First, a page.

First, conscription enlists more elite members of society who have disproportionately greater sway vis-à-vis decision-makers when the lives of their sons and daughters are at stake. High social status is correlated with access to resources and powerful social networks, which may be crucial for anti-casualty collective action, as the cases of Vietnam and Lebanon testified.
However, it is not only the power upper-class families possess, but also their greater ability to adopt and express a critical outlook in general, and particularly regarding the use of force and the sacrifices it entails. For good reason, there is more likely to be a subversive reaction to loss of lives, or the potential for loss, in conscript militaries than in volunteer forces. As the U.S. case shows, with the introduction of the all-volunteer forces following Vietnam, casualties became disproportionately concentrated in disadvantaged communities, where the population possesses fewer of the resources needed to engage in politics. Hence, anti-casualty protest declined.
Second, unlike a volunteer force, conscription requires service from the willing and unwilling alike. Therefore, conscription increases the potential for the presence of a large number of conscripts who are averse to sacrifice and may dissent when the justification for sacrifice is questionable.
Third, unlike a volunteer force, conscription favors voice over exit, to use the famous terms of political theorist Albert Hirschman. Voice in the shape of protest, including anti-casualty protest, is favored when those involved have limited alternatives to exit; in this case, exit entails hardly realizable emigration, defection, or exemption.
Fourth, when the sacrifice is coerced by the state, the republican political culture is cultivated: the state coercively mobilizes its youth in return for political and social rights accrued by the social networks that offer up their children for military service. Political rights are extended to the right to control the military, and hence legitimize claim-making in military issues. A system of obligatory service also increases the stake of citizens in the goals of policy, and prompts legislators to play a more active role in foreign policy in order to better serve their constituents. In a commodified, volunteer army, these mutual obligations are weaker. There, implicit in the relations between the state and the citizenry, is the notion of “free choice” made by the enlistees that absolves the state and the community of citizens of part of the responsibility and transfers it to the individual soldiers. In contrast, for conscripts, military sacrifice cannot be presented as the result of free choice but rather as a state-mandated sacrifice and hence also as the state’s and citizens’ responsibility to those coercively sent to risk their lives.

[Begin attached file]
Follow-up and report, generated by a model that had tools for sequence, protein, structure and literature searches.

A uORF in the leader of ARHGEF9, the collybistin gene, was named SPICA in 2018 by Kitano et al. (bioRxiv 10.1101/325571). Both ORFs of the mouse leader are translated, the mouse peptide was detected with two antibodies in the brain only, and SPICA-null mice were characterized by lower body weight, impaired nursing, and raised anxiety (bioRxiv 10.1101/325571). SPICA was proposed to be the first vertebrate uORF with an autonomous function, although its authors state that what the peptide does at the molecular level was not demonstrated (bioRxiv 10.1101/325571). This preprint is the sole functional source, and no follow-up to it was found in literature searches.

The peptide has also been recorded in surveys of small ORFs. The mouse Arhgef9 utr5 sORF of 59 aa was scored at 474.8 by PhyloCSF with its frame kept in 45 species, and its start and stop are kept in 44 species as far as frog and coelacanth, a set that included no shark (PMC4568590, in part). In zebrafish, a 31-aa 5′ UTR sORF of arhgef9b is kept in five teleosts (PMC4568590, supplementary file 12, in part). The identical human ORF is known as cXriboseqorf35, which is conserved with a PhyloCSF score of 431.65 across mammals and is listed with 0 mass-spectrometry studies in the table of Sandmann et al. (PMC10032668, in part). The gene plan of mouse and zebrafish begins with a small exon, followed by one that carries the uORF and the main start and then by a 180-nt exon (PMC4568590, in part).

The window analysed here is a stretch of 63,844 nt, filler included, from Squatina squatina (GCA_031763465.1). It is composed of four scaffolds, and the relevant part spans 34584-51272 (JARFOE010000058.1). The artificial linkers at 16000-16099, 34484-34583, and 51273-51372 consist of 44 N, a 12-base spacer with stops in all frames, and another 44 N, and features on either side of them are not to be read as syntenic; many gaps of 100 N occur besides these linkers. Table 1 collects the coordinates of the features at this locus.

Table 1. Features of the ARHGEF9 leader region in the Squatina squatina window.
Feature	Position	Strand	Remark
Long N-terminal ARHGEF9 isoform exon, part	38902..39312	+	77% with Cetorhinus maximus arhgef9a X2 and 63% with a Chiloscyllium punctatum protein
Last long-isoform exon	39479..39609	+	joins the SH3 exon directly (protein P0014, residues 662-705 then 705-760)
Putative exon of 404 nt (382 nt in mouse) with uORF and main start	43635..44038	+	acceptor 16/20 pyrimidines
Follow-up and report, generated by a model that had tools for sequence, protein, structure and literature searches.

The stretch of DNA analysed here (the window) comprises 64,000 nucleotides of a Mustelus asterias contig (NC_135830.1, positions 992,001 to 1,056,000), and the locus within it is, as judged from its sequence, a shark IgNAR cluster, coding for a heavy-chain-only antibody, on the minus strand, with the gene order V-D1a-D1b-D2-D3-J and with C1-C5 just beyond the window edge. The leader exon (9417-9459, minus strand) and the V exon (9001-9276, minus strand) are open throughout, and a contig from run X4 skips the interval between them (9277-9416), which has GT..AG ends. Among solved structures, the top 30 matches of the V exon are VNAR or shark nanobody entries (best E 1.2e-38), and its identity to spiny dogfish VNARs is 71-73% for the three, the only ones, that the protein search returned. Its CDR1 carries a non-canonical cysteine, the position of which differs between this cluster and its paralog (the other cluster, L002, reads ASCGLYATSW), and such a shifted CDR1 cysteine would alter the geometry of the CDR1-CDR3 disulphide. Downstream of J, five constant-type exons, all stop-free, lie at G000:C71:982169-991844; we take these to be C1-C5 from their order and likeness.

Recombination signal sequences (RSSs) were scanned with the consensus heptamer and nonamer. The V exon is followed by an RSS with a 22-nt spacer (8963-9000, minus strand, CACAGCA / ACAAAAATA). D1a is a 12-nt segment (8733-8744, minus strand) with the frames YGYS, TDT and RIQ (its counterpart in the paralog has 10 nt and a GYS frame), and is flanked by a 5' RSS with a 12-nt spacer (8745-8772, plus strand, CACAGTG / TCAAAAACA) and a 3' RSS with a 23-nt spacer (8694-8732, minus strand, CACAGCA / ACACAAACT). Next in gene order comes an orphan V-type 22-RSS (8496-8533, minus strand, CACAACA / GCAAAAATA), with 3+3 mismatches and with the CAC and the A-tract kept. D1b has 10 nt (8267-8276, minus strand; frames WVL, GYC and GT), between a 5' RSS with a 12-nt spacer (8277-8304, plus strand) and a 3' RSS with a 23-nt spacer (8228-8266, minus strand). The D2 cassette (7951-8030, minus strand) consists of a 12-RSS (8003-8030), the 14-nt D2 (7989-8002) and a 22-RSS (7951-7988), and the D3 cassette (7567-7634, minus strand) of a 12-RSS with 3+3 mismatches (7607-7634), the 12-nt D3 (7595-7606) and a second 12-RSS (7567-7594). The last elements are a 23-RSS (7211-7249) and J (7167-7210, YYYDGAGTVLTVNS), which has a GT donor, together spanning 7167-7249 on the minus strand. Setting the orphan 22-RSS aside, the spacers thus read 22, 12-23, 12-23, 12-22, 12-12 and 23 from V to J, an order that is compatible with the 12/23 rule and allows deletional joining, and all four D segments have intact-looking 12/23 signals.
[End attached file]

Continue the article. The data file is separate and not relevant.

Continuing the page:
All in all, with the transition from conscript to volunteer forces, governments acquired more political freedom to risk soldiers. It is not only that “politicians have not faced significant organized domestic grassroots opposition to unpopular conflicts in Iraq and Afghanistan, quite unlike the Vietnam War experience,” as Karl Eikenberry, who served as the U.S. ambassador to Afghanistan, argued in the U.S. context. Moreover, more than conscript militaries, volunteer forces can legitimize risking own soldiers to better attain the political war goals, rather than shifting most risk onto enemy civilians. This is why, unlike their American peers, Israeli generals prioritize sacrificing the political logic of warfare over sacrificing conscripts.
Yagil Levy is a professor of public policy and political sociology at the Open University of Israel. His recent book is Whose Life Is Worth More? Hierarchies of Risk and Death in Contemporary Wars (Stanford University Press, 2019).